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BA Owner IAG Hit By Iberia Performance

(c) Sky News 2012

IAG - the company formed by merging BA and Iberia - has made an operating profit of just £13.5m in the nine months to September 30.

The results show Iberia (Madrid: IBLA.MC - news) is the weak link in the group, making a standalone operating loss of £209m in the period, while BA contributed operating profits of £228m.

On a pre-tax basis, taking wider cost pressures into account, the group made a loss of £134m in the nine months.

IAG has announced a transformation plan for Iberia, which will result in 4,500 job losses at Iberia and has proposed salary cuts for staff of 25-35% until 2015.

However unions for Iberia's workers have the restructuring plans and are preparing to take strike action.

Iberia's fleet is also being downsized by 25 aircraft and its routes are being cut by 15% in 2013, to concentrate on those which are most profitable.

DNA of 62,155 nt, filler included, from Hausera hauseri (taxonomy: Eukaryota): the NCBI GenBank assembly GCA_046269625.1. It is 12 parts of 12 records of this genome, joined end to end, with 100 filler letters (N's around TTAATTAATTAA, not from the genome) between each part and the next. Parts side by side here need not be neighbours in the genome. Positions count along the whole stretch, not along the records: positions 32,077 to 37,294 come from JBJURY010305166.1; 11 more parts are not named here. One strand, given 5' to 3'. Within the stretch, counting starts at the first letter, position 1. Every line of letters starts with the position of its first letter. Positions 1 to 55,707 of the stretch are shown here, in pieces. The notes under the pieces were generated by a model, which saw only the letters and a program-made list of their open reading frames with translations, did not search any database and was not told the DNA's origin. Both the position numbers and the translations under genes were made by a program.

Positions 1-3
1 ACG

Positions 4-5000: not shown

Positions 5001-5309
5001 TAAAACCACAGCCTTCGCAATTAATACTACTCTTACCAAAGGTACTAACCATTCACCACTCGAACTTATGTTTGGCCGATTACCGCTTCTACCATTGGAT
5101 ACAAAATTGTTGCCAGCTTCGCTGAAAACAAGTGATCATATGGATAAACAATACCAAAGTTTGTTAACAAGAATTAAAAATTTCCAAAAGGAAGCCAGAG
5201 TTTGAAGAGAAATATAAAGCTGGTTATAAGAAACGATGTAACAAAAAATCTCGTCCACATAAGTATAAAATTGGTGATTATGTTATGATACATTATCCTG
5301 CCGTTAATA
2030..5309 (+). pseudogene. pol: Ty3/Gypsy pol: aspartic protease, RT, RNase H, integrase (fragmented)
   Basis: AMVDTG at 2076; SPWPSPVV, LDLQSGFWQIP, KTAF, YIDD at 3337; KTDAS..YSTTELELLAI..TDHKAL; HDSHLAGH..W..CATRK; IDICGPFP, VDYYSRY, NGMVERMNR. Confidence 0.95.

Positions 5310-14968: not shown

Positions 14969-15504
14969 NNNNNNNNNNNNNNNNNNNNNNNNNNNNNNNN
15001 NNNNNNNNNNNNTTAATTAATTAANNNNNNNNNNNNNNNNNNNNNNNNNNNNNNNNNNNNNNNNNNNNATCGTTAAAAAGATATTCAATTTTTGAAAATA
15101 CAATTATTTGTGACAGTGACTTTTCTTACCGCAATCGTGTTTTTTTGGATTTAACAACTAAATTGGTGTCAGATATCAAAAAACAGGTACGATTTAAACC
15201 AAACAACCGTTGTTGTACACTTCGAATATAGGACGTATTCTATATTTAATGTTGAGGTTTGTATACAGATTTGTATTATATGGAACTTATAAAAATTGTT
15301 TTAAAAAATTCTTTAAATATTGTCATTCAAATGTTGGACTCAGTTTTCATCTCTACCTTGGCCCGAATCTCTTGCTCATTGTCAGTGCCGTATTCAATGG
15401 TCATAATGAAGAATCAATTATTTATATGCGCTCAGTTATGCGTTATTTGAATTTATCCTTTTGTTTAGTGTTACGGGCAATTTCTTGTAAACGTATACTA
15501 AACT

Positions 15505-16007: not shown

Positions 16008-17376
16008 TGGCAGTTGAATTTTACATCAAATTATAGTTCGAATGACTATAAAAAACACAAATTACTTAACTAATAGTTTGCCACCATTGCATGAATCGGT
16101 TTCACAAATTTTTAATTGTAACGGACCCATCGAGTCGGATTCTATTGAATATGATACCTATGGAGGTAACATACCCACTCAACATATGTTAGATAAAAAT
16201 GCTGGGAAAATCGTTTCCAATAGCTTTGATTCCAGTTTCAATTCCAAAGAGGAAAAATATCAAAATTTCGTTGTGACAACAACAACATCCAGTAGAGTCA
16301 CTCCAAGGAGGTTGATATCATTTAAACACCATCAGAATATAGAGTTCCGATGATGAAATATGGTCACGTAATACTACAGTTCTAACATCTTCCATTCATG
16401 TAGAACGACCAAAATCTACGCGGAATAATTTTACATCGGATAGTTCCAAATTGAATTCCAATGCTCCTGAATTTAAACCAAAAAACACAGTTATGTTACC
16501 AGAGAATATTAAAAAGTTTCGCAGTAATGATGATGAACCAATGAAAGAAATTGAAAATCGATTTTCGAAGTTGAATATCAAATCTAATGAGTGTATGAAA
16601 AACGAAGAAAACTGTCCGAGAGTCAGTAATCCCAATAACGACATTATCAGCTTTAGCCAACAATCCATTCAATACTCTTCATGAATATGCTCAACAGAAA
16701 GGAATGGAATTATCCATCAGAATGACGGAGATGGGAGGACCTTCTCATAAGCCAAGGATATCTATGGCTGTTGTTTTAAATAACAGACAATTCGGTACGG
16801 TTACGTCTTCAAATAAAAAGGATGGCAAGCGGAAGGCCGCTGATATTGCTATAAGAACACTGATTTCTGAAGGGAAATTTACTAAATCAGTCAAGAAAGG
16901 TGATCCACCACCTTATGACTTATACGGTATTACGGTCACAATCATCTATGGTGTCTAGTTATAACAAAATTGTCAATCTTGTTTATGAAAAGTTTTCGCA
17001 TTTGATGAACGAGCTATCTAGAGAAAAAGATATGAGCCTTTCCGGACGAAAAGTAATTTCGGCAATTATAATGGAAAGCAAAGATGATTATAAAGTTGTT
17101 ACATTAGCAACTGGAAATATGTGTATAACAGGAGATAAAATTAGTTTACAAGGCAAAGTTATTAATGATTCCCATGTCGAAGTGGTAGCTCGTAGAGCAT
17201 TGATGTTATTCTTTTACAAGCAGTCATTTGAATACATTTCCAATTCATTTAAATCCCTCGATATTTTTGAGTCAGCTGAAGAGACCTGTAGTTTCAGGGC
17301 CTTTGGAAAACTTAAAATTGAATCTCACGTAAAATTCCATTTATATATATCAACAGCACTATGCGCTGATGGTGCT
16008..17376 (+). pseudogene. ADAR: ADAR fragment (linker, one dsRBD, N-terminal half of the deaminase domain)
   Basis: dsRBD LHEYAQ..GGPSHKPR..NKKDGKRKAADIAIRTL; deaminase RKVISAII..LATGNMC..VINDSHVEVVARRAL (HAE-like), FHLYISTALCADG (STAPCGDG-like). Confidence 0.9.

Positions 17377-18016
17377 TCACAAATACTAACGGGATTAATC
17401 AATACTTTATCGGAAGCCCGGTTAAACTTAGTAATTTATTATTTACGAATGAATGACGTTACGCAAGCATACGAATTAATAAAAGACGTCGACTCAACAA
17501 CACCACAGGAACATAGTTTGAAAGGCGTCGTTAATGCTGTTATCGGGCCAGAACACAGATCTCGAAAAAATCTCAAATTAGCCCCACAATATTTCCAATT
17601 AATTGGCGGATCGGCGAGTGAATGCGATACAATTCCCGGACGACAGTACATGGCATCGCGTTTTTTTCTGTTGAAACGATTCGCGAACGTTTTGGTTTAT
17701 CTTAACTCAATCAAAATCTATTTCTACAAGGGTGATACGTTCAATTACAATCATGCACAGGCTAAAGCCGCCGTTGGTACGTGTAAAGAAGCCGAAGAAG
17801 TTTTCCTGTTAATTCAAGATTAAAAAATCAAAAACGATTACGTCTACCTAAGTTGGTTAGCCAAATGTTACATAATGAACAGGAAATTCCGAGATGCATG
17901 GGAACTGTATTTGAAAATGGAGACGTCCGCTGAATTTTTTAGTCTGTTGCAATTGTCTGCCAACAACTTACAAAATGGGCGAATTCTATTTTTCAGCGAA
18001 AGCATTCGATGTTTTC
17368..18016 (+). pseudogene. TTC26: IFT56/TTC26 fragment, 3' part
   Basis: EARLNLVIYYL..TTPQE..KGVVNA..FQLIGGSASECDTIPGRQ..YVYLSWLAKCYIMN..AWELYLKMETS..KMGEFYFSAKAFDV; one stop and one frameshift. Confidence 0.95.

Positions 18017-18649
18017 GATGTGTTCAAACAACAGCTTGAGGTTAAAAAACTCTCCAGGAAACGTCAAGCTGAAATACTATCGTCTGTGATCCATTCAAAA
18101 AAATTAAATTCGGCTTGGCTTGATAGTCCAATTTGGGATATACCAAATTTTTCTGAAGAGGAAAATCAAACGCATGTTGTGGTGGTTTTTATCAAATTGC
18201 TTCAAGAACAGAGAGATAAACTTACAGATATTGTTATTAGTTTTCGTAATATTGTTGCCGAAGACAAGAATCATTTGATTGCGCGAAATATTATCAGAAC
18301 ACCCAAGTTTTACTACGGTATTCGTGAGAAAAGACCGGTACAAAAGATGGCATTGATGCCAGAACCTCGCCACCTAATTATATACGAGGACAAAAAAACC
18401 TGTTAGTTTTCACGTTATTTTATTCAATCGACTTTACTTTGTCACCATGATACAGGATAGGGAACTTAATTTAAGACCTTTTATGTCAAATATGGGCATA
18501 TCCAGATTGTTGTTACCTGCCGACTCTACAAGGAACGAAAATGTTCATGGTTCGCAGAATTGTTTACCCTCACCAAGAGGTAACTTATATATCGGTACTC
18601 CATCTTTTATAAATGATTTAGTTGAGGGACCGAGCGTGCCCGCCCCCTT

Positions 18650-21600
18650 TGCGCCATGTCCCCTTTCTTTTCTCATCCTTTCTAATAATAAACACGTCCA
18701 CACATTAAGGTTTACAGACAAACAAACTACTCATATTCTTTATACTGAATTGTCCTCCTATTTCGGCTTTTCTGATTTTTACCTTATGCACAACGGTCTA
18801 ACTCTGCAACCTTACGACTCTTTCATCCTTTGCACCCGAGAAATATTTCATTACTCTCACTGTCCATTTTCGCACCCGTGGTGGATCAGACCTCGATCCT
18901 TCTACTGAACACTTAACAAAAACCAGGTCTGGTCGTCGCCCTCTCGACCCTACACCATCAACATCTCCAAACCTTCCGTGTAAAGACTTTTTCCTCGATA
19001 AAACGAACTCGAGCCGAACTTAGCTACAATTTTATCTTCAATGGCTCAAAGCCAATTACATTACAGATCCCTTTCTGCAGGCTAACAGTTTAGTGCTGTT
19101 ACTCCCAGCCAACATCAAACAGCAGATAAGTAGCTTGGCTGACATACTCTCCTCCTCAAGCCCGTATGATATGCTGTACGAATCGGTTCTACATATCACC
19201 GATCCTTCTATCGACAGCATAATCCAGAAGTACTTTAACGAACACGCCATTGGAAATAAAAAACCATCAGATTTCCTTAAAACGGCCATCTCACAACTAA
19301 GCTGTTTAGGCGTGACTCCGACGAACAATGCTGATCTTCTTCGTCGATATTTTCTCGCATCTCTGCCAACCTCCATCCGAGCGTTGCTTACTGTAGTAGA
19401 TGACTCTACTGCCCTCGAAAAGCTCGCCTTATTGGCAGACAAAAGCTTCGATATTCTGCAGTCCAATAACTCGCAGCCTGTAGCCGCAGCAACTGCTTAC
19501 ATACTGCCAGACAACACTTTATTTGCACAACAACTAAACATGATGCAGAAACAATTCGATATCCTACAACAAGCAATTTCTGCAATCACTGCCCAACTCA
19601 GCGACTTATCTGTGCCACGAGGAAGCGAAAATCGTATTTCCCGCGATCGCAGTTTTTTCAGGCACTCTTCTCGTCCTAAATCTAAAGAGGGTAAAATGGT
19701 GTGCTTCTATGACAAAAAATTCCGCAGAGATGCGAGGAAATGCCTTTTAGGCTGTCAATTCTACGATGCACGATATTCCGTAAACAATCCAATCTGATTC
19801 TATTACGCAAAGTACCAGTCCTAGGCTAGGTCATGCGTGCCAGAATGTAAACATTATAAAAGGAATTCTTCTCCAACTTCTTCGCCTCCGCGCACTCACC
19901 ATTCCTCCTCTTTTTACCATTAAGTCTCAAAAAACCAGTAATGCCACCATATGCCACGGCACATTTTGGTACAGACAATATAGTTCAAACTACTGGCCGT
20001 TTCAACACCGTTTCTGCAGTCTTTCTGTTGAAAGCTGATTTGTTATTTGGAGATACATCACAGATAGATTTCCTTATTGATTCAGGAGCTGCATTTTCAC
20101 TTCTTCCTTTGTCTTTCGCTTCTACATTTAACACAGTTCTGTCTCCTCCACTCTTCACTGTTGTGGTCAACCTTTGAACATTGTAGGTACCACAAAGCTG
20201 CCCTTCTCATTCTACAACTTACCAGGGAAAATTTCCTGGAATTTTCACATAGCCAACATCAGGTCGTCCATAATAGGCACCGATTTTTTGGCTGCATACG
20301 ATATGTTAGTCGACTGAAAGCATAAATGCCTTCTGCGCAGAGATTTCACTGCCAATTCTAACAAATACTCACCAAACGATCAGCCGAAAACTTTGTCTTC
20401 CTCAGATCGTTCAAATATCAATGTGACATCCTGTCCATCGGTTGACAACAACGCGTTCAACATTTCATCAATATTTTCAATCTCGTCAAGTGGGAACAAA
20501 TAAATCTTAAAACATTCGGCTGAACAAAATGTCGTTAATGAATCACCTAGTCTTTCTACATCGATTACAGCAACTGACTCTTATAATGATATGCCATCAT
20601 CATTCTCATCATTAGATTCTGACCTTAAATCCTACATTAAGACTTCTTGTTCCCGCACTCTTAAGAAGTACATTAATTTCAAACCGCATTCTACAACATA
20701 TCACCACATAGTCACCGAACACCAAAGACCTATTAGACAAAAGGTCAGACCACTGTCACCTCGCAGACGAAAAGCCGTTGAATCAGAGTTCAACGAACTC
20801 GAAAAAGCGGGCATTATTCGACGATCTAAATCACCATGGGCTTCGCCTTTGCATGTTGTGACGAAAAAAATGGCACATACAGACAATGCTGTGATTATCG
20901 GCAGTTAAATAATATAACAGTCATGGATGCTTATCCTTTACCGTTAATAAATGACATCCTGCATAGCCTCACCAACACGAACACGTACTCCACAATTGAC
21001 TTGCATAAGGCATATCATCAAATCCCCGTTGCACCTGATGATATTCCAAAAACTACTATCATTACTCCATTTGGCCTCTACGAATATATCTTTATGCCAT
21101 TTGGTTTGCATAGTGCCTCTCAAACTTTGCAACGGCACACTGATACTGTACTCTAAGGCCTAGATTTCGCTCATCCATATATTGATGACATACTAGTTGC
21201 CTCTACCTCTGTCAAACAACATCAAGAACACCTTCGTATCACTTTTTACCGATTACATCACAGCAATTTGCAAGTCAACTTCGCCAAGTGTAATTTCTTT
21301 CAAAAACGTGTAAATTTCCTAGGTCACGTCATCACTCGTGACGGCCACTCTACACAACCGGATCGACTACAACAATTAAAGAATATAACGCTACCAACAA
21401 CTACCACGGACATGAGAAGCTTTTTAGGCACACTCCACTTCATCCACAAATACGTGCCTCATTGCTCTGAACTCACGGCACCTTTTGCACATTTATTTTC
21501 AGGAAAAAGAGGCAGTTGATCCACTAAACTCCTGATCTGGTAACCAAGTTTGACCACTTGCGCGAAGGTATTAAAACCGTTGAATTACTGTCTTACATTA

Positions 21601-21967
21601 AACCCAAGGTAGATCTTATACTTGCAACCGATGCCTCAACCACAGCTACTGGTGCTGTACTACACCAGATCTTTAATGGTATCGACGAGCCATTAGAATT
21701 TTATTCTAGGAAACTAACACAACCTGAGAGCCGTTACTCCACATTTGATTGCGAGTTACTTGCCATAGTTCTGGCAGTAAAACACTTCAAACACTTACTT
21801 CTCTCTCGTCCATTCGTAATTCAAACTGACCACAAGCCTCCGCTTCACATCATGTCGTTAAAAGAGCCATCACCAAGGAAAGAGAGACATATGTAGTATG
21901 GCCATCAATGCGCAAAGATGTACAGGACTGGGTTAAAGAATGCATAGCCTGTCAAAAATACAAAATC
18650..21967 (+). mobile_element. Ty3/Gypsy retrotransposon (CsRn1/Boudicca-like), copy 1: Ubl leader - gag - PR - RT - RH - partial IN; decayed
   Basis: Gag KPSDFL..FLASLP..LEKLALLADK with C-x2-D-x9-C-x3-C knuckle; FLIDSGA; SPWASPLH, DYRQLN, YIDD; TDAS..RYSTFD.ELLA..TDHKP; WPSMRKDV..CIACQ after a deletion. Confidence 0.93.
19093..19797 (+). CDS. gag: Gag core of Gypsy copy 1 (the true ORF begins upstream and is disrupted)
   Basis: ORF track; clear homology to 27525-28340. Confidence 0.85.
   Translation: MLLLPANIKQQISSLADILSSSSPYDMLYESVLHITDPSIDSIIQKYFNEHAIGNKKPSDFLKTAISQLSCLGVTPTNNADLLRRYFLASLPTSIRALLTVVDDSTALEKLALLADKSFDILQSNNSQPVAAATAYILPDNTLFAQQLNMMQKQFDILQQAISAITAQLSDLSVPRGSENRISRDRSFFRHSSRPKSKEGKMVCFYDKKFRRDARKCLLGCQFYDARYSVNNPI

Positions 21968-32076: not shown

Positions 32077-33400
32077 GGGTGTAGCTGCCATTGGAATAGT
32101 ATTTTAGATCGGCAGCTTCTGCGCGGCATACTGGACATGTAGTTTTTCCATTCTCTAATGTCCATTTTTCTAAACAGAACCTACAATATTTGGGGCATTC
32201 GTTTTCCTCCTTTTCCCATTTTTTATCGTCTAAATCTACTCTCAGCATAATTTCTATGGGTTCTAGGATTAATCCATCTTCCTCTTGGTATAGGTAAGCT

"Iberia is in (a) fight for survival," the carrier's chief executive Rafael Sanchez-Lozano said in a statement.

"It is unprofitable in all its markets. We have to take tough decisions now to save the company and return it to profitability.

"Unless we take radical action to introduce permanent structural change the future for the airline is bleak."

Mr Sanchez-Lozano added: "However this plan gives us a platform to turn the business around and grow."

The group reported a 9% increase in passenger numbers and a 15% hike in fuel costs, as more job losses look likely at the Spanish airline.

Mr Sanchez-Lozano said "the Spanish and European economic crisis has impacted on Iberia, but its problems are systemic and pre-date the country's current difficulties."

IAG said it was announcing "a comprehensive plan to save Iberia after record losses and return it to profitability."

The parent group's said plans to cut 4,500 jobs are designed to safeguard around 15,500 posts across the airline.

IAG added that a deadline of January 31, 2013, had been set to reach agreement with unions over the cuts.

The group warned: "If agreement is not reached, deeper cuts and a more radical reduction in the size and scale of Iberia's operations will take place to secure the natural long haul traffic flows at Madrid and safeguard the company's future."

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